Thankfully, there are plenty of email marketing tools that make creating emails and managing lists simple and affordable.
3. Display ads
Banner ads follow us all around the internet. You’ll be browsing your favorite clothing store and within minutes, you’ll see ads for the dress you were eyeing on Facebook. Is someone spying on you? Not necessarily, but a marketing professional is surely watching your tracks.
Facebook has made it easy and affordable to run ads to very specific groups of people. The Facebook Pixel makes these ads more direct than ever.
To start running Facebook ads, you first need to install a snippet of code called a pixel that Facebook provides into your website. Then you can track who visits your site and what they do.
Next, craft Facebook ad campaigns that specifically target the biggest groups of visitors — like those who viewed a specific product or started but didn’t complete a purchase.
The more targeted and direct your ads can be, the better this “reminder” will resonate as your product ad pops up on your prospects’ timelines.
4. Instagram Shop
Since we’re on the topic of social media, let’s talk about the direct marketing potential of Facebook’s sister company, Instagram. Have you ever hovered over a post and seen pop-ups with price tags? Shopping on Instagram has taken off.
Businesses simply “tag” products within posts and link to their eCommerce websites. This direct marketing strategy is brilliant because it captures your buyer’s attention instantly and gives them a clear and easy way to proceed — either to learn more or purchase.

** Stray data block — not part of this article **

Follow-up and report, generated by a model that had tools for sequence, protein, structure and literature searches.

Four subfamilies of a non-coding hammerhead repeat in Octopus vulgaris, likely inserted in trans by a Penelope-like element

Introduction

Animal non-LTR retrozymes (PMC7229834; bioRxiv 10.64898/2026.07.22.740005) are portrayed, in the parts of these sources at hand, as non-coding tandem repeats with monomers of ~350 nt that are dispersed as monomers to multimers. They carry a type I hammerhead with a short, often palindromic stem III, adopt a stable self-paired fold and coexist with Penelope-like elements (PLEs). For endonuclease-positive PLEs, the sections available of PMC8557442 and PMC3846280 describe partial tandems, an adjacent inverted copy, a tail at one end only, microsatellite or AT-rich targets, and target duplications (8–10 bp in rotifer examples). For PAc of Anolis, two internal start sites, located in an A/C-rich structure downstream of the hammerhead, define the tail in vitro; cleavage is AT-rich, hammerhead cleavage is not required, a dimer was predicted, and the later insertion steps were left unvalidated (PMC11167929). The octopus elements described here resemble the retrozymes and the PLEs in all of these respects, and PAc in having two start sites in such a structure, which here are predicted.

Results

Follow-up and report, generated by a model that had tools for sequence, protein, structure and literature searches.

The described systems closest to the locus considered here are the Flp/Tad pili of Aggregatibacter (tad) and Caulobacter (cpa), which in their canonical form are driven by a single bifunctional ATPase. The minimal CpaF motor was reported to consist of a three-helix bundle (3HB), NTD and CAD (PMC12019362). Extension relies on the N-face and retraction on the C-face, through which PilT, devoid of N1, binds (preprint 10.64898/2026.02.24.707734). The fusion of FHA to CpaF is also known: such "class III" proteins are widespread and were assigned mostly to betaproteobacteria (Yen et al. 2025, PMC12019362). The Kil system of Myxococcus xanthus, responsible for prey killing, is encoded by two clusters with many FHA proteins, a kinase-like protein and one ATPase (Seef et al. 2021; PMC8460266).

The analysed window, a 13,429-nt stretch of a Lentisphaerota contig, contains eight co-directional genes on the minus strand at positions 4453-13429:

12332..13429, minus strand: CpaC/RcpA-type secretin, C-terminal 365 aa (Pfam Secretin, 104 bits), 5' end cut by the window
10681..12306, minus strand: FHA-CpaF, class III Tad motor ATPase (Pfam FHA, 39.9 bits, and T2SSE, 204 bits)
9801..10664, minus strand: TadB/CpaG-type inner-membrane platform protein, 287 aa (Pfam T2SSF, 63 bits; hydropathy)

If you’re using Instagram for business and want to try this shopping feature, here are five tips Instagram suggests:
- Create at least nine shopping posts on your Instagram business profile to activate the Shop tab for your audience.
- Tag multiple products to help your audience explore and browse.
- Use Stories to show your audience that they can now shop your posts.
- Leverage different shopping formats — tag a single image or a carousel.
- Make sure each tag touches the correct product, so shoppers know which product the tag refers to.
Related: Instagram advertising in a nutshell
5. Text messages
If social media marketing isn’t quite your style, there are other direct marketing strategies that put a modern spin on the classics.
Dialing for dollars is outdated, but people are still glued to their phone screens. According to 2019-2020 research from MessageMedia:
- 90% of text messages are opened within the first 90 seconds
- 87% of study respondents reported that they open a business SMS
- 73% of Aussie consumers agree that a text from a business is more likely to get their attention than email or an app notification
That’s a high engagement rate compared to email marketing’s open rate of 21%.
The future of direct marketing
Before you make any future marketing decisions for your small business, it’s important to dedicate some time to research. Take a poll or survey of your customers and ask how they would like to find out about promotions or news from your business. With a bit of knowledge and customer input, it should be clear what direct marketing tactics are best for you.
Regardless of which techniques you choose, remember to always include a clear, relevant, and easy-to-follow CTA — “See More” or “Shop Now” are popular. Your customers will be sure to respond when you address them directly and guide them back to you!